Monday, February 27, 2012

Should Your Book Club Read In the Country of Men by Hisham Matar?

Absolutely yes!  This book is a winner and whether you read it on your own or with your book club, you should definitely read it.  It was written in 2006 and was shortlisted for the Man Booker Prize.  It won the Europe and South Asia Region of the Commonwealth Writer's Prize for Best First Book.  And it was Literary Masters selection for the month of February.  I must thank my brother--yes, the one who never visits libraries--for bringing this wonderful novel to my attention.

Warp speed plot synopsis:

The narrator, a grown man, looks back through the eyes of his nine year-old self, and tells us the story of  living under Gaddafi's regime in Libya.  Suleiman's father is a dissident, risking his life and those of his family, to rebel against the dictator.  Suleiman's mother wants nothing to do with such trouble; she is more concerned with her own private rebellion--against the men who forced her into a hurried and arranged marriage against her will.  Suleiman, or Slooma to his loved ones, navigates the private trials and tribulations in his home and personal world, against the backdrop of an all-seeing, all-powerful public power.  As he tries to understand and take control of his little world, Slooma will open the door of his home and his family, letting that public and terrifying power in with lasting consequences for everyone.

So, what can your book club talk about?:

Well, you will definitely want to talk about Suleiman.  He is, without a doubt, one of the more interesting narrators I've come across.  You'll want to explore his motivations for making the decisions he takes.  There are emotional, psychological, and pragmatic explanations for his actions, but they don't all point to the same motivation.  He is, in a word, slippery.

What is he responsible for?  What did he do intentionally and what did he do unwittingly?  Was he a victim, or is he pathological?

Is he an unreliable narrator?  Yes, in the sense that he is telling us his story from memory, and memory is by definition unreliable.  However, is there more to this?  Is he telling us his story as a way of justifying his actions?

You will want to explore the Oedipal themes in the story.  This may help illuminate Suleiman's motivations.

You will definitely want to explore the character of the mother.  She's another incredibly interesting character.  What motivates her?  Her love for her son, or her lust for independent power?  Note the story-telling motif running throughout the story.  Note the parallels between Scheherazade and Suleiman's mother.  Who chooses slavery over death?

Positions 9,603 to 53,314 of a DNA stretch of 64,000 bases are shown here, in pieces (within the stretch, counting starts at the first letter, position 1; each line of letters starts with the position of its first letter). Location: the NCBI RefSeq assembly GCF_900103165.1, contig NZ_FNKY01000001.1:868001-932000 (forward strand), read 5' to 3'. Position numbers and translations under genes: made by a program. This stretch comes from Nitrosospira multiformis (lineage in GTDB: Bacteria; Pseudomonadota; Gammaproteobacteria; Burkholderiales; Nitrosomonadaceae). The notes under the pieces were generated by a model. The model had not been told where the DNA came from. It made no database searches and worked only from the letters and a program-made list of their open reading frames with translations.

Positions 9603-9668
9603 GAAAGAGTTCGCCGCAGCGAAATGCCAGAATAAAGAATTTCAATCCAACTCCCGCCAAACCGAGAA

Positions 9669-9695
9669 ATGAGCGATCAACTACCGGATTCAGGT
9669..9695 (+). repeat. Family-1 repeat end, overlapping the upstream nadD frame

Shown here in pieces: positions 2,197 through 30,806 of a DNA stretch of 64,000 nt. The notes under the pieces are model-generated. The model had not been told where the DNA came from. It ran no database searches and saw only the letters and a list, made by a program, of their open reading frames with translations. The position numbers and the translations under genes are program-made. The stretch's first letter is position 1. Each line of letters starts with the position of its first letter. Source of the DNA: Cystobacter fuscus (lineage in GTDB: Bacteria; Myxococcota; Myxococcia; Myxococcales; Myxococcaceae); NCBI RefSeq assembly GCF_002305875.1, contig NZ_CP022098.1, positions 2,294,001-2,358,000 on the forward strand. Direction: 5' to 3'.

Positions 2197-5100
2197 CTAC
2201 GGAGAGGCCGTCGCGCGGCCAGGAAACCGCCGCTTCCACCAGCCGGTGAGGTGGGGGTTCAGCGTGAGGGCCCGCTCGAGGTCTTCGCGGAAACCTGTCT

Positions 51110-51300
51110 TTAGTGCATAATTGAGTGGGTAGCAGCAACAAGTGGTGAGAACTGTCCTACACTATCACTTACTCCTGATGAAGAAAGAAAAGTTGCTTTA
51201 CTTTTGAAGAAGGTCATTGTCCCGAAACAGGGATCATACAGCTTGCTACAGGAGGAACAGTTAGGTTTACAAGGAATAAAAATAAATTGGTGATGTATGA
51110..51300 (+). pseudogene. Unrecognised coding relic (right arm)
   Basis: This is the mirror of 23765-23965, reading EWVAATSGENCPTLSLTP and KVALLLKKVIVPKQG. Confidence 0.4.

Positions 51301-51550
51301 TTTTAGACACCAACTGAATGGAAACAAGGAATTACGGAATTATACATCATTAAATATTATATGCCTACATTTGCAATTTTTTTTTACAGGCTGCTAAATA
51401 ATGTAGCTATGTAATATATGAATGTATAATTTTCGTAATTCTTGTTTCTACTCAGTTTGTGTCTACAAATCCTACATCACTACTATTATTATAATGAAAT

The theme of betrayal pervades this book.  You'll want to discuss whether any of it is justifiable.  You'll also want to consider the pleasure that some of the characters take in submitting to authority.  What is the psychology behind this?

The imagery and symbolism in this novel are beautiful; the author began the book as a poem, and one can see this in the tropes he employs.  You'll want to talk about the significance of the mulberries, and why the only remaining mulberry tree is in Rashid's garden.  Why does Suleiman eat so many, and why does the sun make him sick?  What does the sun represent?  What does Bahloul the beggar represent?  What about the sea?

You'll want to consider whether the book is asking the question:  how complicit are the characters in their own imprisonments?

You will want to talk about the title.  At length.

This book was written before the Arab Spring and the overthrow of Gaddafi.  You'll want to talk about whether we respond to it differently, knowing what we now know about how history has played out.

You'll want to talk about the moral dilemma:  does one sacrifice one's family for the sake of the larger good, or protect one's family at all costs?

I could go on, but I think this should get you going--happy reading, and have a great book club meeting!

Tuesday, January 24, 2012

Happy Birthday, Edith Wharton!

Today is the 150th anniversary of the birth of Edith Wharton.  If you haven't yet discovered this classic author, you should give yourself an Edith Wharton birthday present today!  I recommend:

Ethan Frome

The Custom of the Country

The Age of Innocence

You are in for a real treat!!!

Thursday, January 12, 2012

Man Asian Literary Prize Shortlist Announced!

Are you familiar with this literary prize?  In an effort to widen my reading, geographically speaking, I have followed the Man Asian Literary Prize with interest.  (It is sponsored by the same people who sponsor the Man Booker Prize, so sometimes this award is referred to as the Man Asian Booker Prize.)  The shortlist for 2011 has just been announced, and the judges were evidently spoiled for choice.  Instead of the usual five books chosen, there are seven.  Here they are courtesy of the Man Asian Literary Prize website, which you can find here.
  • The Wandering Falcon by JAMIL AHMAD, Pakistan
  • Rebirth by JAHNAVI BARUA, India
  •  The Sly Company of People Who Care RAHUL BHATTACHARYA, India
  • River of Smoke by AMITAV GHOSH, India
  • Please Look After Mom by KYUNG-SOOK SHIN, South Korea
  • Dream of Ding Village by YAN LIANKE, China
  • The Lake by BANANA YOSHIMOTO, Japan

Tuesday, January 10, 2012

Reading Is Fantastic for Your Mental Health!

I've always said that at Literary Masters book groups and literary salons, we 'dig deep' into literary treasures, and each discussion is like an aerobics class for our brains!  Now, medical research shows that reading, yes, reading is good for your mental health, and can reduce your stress level by 68%.  How great is that?

Here's the article; read it and relax!


Thursday, January 5, 2012

Costa Prize Winners Announced!

The winners of the Costa Prize have been announced!  The Costa website doesn't seem to be updated as of this blog post, as you can see here, but you can read about the winners in this article.

I am very excited to read Pure by Andrew Miller!  I'll let you know what I think of it once I've read it.

Hey, by the way, Happy 2012!  What are your resolutions this year?